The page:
Skinny redshirt freshman flashed brilliance in high school and wowed everyone last week for the Cougars. Can he keep it up against Utah on Saturday?
PULLMAN — Jim Sharkey will never forget the pass.
The football coach at Ferris High School in Spokane had called the wrong play in a state-playoff game against Skyline of Sammamish. Thanks to Connor Halliday, it didn’t matter.
The ball was on the left hash mark, not the middle of the field as expected. Three receivers were lined up left, and only one on the right. The pass was supposed be a risky 15-yard out to the right. An interception, and it was six points the other way.
“He just threw a bullet,” Sharkey said, who added he has never coached a high-school quarterback with a better arm. “We get a big gain out of a play that probably should have been a pick.”
- NFL.com says Seahawks have most talented roster in league, and speculate on starting lineup
- After embarrassment, Seattle finds public toilet that's just right
- 32 families face eviction with sale of Kirkland mobile-home park
- Microsoft employees -- past and present -- look back over the years
- Salary cap expert Joel Corry with another look at Russell Wilson's contract
Most Read Stories
Throws like that one made Washington State’s decision easy. In June after Halliday’s junior year, the Cougars offered their lone quarterback scholarship to the tall, skinny redheaded kid from Spokane.
And last Saturday it paid dividends.
Halliday, a redshirt freshman who entered the game having thrown 19 passes in mop-up duty early in the season, relieved Marshall Lobbestael for the third series against Arizona State.
His first pass went for 85 yards and a score. His third, 27 yards. His fourth, 31 yards. The Cougars rallied in the fourth quarter and won 37-27.
Halliday finished with 494 passing yards, the most ever for a Washington State and Pac-12 freshman. He threw four touchdown passes. And Saturday he’ll make his first start, facing Utah at Martin Stadium.
Sharkey, and 50 Saxon football players, will be there.
Mike Kramer won’t, but the Idaho State coach will be there in spirit. Throughout last season, when Kramer worked as an office assistant at WSU and Halliday ran the Cougars’ scout team, Kramer would tell anyone who would listen the freshman had an NFL future.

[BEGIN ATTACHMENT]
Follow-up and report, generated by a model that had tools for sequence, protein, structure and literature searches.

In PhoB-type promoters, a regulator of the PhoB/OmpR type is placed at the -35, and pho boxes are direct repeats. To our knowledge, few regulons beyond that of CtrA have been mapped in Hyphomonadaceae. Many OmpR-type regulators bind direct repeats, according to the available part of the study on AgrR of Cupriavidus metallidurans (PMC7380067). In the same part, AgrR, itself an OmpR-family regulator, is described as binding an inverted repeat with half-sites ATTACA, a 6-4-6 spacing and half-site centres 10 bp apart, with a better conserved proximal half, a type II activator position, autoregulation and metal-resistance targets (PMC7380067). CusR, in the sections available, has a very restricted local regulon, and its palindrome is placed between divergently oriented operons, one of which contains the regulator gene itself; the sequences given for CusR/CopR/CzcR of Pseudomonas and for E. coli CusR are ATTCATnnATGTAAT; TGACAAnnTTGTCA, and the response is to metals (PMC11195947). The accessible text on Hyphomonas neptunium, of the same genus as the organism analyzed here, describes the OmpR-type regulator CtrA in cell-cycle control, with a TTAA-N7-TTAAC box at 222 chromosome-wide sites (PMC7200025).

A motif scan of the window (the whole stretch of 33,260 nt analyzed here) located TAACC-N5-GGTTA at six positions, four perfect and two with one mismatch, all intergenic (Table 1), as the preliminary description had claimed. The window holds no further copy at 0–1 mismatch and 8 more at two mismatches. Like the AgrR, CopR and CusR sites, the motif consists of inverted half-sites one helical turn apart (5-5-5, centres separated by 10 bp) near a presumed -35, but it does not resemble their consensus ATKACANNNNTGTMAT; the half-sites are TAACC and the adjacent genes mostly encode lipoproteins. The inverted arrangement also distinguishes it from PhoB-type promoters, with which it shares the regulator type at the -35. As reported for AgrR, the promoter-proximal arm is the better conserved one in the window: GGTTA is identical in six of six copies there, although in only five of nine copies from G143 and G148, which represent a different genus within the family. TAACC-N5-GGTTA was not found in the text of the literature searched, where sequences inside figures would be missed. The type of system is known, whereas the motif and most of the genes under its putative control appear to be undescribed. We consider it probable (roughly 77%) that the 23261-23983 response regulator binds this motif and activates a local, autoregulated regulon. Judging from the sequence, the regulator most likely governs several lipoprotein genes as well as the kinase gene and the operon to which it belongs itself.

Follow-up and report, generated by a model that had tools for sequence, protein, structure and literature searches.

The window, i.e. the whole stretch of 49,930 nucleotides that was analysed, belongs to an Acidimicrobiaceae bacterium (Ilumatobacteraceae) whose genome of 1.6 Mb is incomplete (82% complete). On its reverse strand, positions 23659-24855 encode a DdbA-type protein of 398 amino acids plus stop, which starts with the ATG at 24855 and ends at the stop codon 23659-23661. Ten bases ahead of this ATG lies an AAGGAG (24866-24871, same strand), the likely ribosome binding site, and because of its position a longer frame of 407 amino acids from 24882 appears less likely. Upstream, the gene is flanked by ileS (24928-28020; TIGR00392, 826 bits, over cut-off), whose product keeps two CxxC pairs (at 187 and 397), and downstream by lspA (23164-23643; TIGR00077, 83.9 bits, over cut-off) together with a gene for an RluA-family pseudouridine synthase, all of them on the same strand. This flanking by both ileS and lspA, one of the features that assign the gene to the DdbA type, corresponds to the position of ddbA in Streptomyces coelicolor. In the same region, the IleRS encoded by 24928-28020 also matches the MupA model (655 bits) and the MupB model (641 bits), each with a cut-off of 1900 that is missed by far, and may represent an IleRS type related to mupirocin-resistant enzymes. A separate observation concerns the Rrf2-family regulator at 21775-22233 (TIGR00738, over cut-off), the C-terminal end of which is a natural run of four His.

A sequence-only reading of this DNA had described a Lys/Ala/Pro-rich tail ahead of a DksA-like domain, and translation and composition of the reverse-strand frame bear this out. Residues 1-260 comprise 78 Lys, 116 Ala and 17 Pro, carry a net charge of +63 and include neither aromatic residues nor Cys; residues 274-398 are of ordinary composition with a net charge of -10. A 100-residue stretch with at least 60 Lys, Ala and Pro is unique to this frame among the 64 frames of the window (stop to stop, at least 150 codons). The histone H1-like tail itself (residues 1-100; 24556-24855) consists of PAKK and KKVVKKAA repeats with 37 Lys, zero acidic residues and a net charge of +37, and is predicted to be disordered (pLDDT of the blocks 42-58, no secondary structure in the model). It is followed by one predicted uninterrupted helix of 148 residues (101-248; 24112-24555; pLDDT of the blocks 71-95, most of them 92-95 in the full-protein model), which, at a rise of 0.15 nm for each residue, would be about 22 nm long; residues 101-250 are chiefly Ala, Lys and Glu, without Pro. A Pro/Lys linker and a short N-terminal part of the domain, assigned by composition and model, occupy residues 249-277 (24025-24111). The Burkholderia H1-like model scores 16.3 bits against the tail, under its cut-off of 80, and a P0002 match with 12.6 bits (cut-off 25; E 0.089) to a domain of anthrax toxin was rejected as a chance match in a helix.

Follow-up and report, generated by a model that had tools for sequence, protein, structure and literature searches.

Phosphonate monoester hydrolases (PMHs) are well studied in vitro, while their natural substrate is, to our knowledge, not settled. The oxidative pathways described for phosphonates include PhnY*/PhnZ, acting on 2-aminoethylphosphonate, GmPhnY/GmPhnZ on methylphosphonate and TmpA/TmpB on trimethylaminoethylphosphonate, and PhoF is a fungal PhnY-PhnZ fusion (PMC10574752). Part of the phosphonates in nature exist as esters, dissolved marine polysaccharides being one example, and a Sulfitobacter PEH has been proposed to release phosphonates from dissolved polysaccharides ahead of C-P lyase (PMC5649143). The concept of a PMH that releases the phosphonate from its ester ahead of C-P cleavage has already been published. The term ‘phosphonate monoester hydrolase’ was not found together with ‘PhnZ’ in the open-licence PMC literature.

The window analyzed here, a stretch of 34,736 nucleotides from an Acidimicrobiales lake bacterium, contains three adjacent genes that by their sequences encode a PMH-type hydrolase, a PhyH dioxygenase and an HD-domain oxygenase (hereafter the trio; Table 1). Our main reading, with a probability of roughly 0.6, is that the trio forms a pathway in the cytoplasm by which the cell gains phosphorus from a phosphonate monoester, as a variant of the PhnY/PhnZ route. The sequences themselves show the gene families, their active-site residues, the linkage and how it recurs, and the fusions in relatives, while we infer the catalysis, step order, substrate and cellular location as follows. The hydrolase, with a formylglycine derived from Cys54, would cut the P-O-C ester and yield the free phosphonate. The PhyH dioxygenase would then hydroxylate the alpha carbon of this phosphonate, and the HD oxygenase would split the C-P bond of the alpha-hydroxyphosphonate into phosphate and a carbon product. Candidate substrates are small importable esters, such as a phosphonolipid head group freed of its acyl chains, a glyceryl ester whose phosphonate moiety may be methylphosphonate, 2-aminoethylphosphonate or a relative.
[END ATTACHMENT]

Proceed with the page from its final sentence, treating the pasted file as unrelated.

But, as Halliday will tell you, running the scout team and running a Pac-12 offense are two different things.
“Running coach (offensive coordinator Todd) Sturdy’s offense is a lot different than taking the snap and just throwing it wherever you want,” Halliday said last week. “This is not a not an easy offense to pick up, by any means.”
But the light started going on for the 6-foot-4, 179-pounder about a month ago. And his practice performance started to improve.
“His performance at practice gave us more confidence to put him in the game,” coach Paul Wulff said.
The Cougars had a need. When starter Jeff Tuel went down in the opener, fifth-year senior Marshall Lobbestael stepped in and led WSU to a 3-1 start. But as the Pac-12 season wore on — Tuel returned to the lineup for a game and a half before reinjuring his collarbone — and WSU’s losses mounted, it came time to see what Halliday could offer.
“We knew going into (the Arizona State game) we were going to give him the third series,” Wulff said. “First play, scored a touchdown, so we just kept going.”
What Halliday brings, other than a strong arm, quick release and what Sharkey calls “a natural ability to keep his eyes downfield” all the time, is a confidence built from success.
“If you’re going to be playing college football at the Pac-12 level, you have to have a confidence in yourself to believe if you get thrown out there you’re going to make things happen,” Halliday said. “If you don’t have that confidence, I don’t think you’d be successful at this level.”
And despite his slight build — Halliday acknowledges the need to get bigger and says it’s one of his main goals — he can take a hit and deliver the ball, as was the case on the 85-yard touchdown pass.
“If you watch the throw on film, he got blasted,” said senior receiver Jared Karstetter, who played basketball with Halliday at Ferris after the quarterback had transferred from Lewis and Clark late in the 2007 football season.
“He put the ball right on the money. Marquess (Wilson) had to run it down, and that’s what separated him from the defense. It was a great play by Connor regardless that Marquess was wide open.”
Halliday’s high-school transfer, which happened at the start of the football playoffs, engendered debate and criticism throughout Spokane, even though it was allowed under the rules at the time. But Halliday heard the noise.
“Growing up, by the way my dad raised me, I already had pretty thick skin,” he said. “After that incident, my skin just got thicker.”
It’s a characteristic needed in a Cougar quarterback. And its outward manifestation is something Karstetter notices.
“Connor has the ability to stay loose and relaxed,” he said. “He never takes anything too seriously. You can see that on game day. He never gets too high or too low.”
Against Utah, Halliday and the Cougars will be facing one of the toughest defenses in the conference, ranking third overall and second in pass efficiency. The Utes’ defense boasts an imposing front four and leads the Pac-12 with 14 interceptions.
Last week Halliday was an unknown quantity. This week there is scrutiny and higher expectations.
It’s a challenge, but his former high-school coach knows that Halliday doesn’t back down from those — whether it’s a risky pass or a first college start.